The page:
M.G.L. c. 149, § 150; M.G.L. c. 151, §§ 1B, 19 and 20

Private Right of Action

Workers have the right to sue their employers for violations of wage and hour and prevailing wage laws.  This is called the worker's "private right of action."  These violations include:

Workers may sue on their own or as a group with other workers, if they have similar complaints.

Workers who win their case have a right to:

  • triple damages, 
  • attorney fees and 
  • court costs.

Deadline to Sue

There are strict deadlines for starting a lawsuit, called the statutes of limitations.  The statute of limitations for most wage and hour violations is 3 years after the violation.  Workers who miss the deadline will not be able to sue.  

For most violations, workers must first file a complaint with the Attorney General's Office before filing in court.  The time a worker spends waiting for the Attorney General to respond to the complaint does not count toward the 3 year deadline for suing after a violation. 

Workers may want to check with a lawyer to confirm the deadline for their case.

Filing a Wage Complaint

To file a complaint, workers should fill out the appropriate complaint form. Workers do not need to file a complaint to sue for minimum wage or overtime violations.

  • If the complaint is about not getting paid for hours worked, or other workplace rights, such as sick time or meal breaks, workers should file a Nonpayment of Wage and Workplace Complaint.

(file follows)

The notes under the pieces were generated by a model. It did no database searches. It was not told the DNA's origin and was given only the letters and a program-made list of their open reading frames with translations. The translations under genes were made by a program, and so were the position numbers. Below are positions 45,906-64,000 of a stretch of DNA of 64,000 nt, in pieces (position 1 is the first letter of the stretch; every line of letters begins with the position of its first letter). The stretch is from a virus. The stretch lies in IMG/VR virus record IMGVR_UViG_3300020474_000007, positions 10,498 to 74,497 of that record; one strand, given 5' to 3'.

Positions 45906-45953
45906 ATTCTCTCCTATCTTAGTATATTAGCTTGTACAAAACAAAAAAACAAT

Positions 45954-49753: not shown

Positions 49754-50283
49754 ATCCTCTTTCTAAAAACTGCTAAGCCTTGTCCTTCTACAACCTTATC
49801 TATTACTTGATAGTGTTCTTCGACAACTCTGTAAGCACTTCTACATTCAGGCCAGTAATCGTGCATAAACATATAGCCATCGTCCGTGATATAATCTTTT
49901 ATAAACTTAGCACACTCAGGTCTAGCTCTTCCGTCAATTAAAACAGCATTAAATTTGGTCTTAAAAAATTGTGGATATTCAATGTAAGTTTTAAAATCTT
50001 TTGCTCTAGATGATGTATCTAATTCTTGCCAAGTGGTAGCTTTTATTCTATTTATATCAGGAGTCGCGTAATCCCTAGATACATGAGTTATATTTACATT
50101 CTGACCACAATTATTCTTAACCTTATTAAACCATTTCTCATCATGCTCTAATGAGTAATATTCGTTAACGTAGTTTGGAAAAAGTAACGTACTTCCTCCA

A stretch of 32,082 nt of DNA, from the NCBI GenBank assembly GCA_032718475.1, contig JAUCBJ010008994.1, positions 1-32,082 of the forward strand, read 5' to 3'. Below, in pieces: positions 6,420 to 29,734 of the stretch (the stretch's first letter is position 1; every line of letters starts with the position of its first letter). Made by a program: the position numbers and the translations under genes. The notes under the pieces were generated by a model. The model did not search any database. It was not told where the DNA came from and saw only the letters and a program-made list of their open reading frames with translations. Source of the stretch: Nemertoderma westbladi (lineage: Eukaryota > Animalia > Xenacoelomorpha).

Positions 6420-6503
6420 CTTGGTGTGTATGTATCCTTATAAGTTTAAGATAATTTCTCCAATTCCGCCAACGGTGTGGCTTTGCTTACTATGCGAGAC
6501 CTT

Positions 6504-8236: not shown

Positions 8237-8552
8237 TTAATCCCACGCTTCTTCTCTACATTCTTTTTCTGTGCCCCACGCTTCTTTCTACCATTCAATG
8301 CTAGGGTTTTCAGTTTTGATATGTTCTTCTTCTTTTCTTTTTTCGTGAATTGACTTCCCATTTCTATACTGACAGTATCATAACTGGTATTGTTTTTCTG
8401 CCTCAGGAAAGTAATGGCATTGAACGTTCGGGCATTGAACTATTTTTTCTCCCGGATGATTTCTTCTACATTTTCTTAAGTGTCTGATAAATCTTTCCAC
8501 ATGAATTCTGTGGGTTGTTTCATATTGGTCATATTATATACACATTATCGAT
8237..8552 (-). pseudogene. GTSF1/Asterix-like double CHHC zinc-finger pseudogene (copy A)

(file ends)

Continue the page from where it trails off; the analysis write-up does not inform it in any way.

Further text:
• For work that required payment of prevailing wages, workers should file a Prevailing Wage Complaint. 

Workers or their attorneys should write in the comments section of the complaint that they are requesting a "private right of action."

After Filing the Complaint

Workers must wait 90 days after filing a complaint or receive a "private right of action" letter from our office before starting a lawsuit. Receiving this letter does not mean that the case will win or lose.

Where to File the Lawsuit

Depending on the amount of money involved in a case (damages or wages owed), a worker may file in Small Claims Court, District Court, or Superior Court.

  • Small Claims Court: The small claims court is designed to provide a simple, informal and inexpensive procedure for resolving cases where the plaintiff (the person bringing the case) is seeking $7,000 or less. You may bring a small claim only in the court for the area where either you or your employer lives or has a place of business or employment.  For more information: call (617) 788-8810 or visit the Small Claims Court website.
  • District Court: The District Court judges make decisions in cases where the plaintiff is not likely to recover more than $25,000 in monetary damages.  For more information: call (617) 788-8810 or visit the District Court website.
  • Superior Court: The Superior Court decides cases where the plaintiff is seeking more than $25,000 in monetary damages, or cases involving labor disputes where the plaintiff is seeking injunctive relief.  For more information: call (617) 788-8130 or visit the Superior Court website.

Finding a Lawyer

Going to court is complicated. Workers may want a lawyer to help with all or parts of their case. They may find a lawyer through a local legal services agency or a bar association.